To Gene Weingarten, now with
The Washington Post
, Tom Shroder and Bill Rose, editors with
The Miami Herald
. They gave me my first assignments and encouraged me to go to fiction.
Special thanks to my dearest friends and mentors Pup and Lee McCarty of Marigold, Mississippi, who showed me where the rest of the world was. My brother Rush G. Miller, Jr., and his wife, Johnnye, my dear friends Kerry Hamilton of Los Angeles, Nathan Hoffman
of New Orleans, Mike Horton of Miami Beach, William Greiner of New Orleans and Jay and Lisa McSorley of Charlotte and the Netherlands.
And I want to thank the supportive friends and family members whom I have been blessed with. I so hope their faith and encouragement is rewarded by the following pages.
John Ramsey Miller
SOLITARY HAWK SHIFTED ITS WINGS AGAINST INVISIBLE CURRENTS
and traced lazy circles in a blue ocean of sky. The shoulders of the mountain, like the soft contours of a sleeping woman, blazed bright yellow-green where fingers of sunlight caressed the features. Fog still hung in the cradles of valley. On the ribbon of trail that lay among the trees like a forgotten piece of twine, there was movement that caught the bird’s attention. Flashes of yellow, blue, and flesh-white skittered to and fro in a space where the ground was open to the sky. Children.
The Cub Scouts who had run up the trail were headed for a rock that was roughly the size and attitude of a forty-foot sailing ship, a granite vessel that had lost its mast and was in the process of slipping beneath the waves. They had instructions to stay in a group at Schooner Rock and await the leaders, who followed with the stragglers. The immense slab of rock angled from the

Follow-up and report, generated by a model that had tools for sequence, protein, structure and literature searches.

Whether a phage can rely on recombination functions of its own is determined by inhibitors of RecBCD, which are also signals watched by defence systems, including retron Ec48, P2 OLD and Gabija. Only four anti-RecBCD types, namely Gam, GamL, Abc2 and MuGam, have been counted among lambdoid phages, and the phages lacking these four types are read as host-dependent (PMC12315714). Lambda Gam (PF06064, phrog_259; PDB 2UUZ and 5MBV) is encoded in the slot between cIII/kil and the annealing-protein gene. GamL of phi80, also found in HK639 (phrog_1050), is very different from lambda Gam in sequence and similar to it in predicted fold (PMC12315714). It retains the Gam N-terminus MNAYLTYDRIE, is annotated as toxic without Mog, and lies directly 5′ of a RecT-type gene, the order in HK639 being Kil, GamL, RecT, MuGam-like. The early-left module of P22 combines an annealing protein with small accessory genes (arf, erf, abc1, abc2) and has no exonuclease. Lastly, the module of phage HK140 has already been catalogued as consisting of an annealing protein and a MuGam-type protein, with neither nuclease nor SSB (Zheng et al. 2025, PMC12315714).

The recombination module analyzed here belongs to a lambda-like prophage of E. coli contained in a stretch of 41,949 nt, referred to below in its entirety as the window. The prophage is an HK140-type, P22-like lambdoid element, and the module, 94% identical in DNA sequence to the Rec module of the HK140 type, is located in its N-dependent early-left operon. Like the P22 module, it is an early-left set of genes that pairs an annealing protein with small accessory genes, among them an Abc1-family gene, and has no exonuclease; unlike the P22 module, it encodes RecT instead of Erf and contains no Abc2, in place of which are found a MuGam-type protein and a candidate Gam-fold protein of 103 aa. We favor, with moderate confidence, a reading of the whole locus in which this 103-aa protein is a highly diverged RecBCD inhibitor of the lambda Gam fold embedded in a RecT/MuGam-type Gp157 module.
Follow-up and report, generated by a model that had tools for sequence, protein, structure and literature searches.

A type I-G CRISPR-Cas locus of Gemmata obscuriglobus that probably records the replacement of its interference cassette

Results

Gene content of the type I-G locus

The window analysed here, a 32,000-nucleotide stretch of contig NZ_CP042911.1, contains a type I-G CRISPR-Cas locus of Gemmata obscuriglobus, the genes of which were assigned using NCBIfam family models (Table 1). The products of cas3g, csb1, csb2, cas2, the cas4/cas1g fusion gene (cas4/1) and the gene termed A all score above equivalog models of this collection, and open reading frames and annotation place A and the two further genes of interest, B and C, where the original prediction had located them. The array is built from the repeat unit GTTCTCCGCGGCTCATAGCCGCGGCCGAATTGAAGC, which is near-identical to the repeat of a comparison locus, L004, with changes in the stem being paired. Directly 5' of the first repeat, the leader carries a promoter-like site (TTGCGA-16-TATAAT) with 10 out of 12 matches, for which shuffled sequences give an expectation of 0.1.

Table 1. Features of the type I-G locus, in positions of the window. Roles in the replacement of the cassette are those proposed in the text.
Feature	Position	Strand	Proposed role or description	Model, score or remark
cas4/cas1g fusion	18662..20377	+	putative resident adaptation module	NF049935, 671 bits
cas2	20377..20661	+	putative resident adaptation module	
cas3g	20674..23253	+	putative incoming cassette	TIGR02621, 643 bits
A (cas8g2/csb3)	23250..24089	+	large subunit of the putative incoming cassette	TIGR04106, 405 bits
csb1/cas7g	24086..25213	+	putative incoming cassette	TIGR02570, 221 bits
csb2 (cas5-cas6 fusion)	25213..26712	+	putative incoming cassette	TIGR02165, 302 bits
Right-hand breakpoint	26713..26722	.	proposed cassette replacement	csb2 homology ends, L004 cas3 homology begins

ground to a point twelve feet above the trail—a perfect ambush point. As the scouts erupted up the path toward the rock, they slowed at the sight of a man who stood leaning against the rock’s wall with his arms crossed. He was watching them and smiled as they approached. The man was wearing a khaki uniform and mirrored sunglasses. He had red hair and a matching mustache. The boys crowded around him.
“Morning, Boy Scouts,” he said.
“We’re Cub Scouts,” a small boy answered. “You a ranger?”
“I sure am,” the man said, smiling. “Ranger Ron. You boys having fun in my woods?”
“Yes,” they responded certainly.
“You boys know the difference between a white oak and a red oak?”
He held out two large leaves. “See, one has pointy edges and the other has rounded ones. This one, the pointed one, looks like a fire if you hold it by the stem. Fire is red, that’s how you remember. White-oak leaf has soft, curved sides like a soft-serve ice-cream cone, and that’s white.”
The closest boy took the leaves, and the others looked over his shoulder waiting their turns.
“I want all of you to go back down the trail and find me one of each. Then bring them back and you’ll get woodsman merit badges.”
The boys were excited by the prospect and all turned to run.
“Whoa!” he yelled. “Which one of you is George Lee?”
The boys went howling down the trail, leaving a small red-haired boy standing alone. The man knelt down and looked at him at eye level. The boy was staring at his own reflection in the glasses.
“Your daddy asked me to come get you and take you to meet him at the parking area. He’s got some camping things for you, and he’s waiting there about now.” The man looked at the backs of the scouts as they disappeared.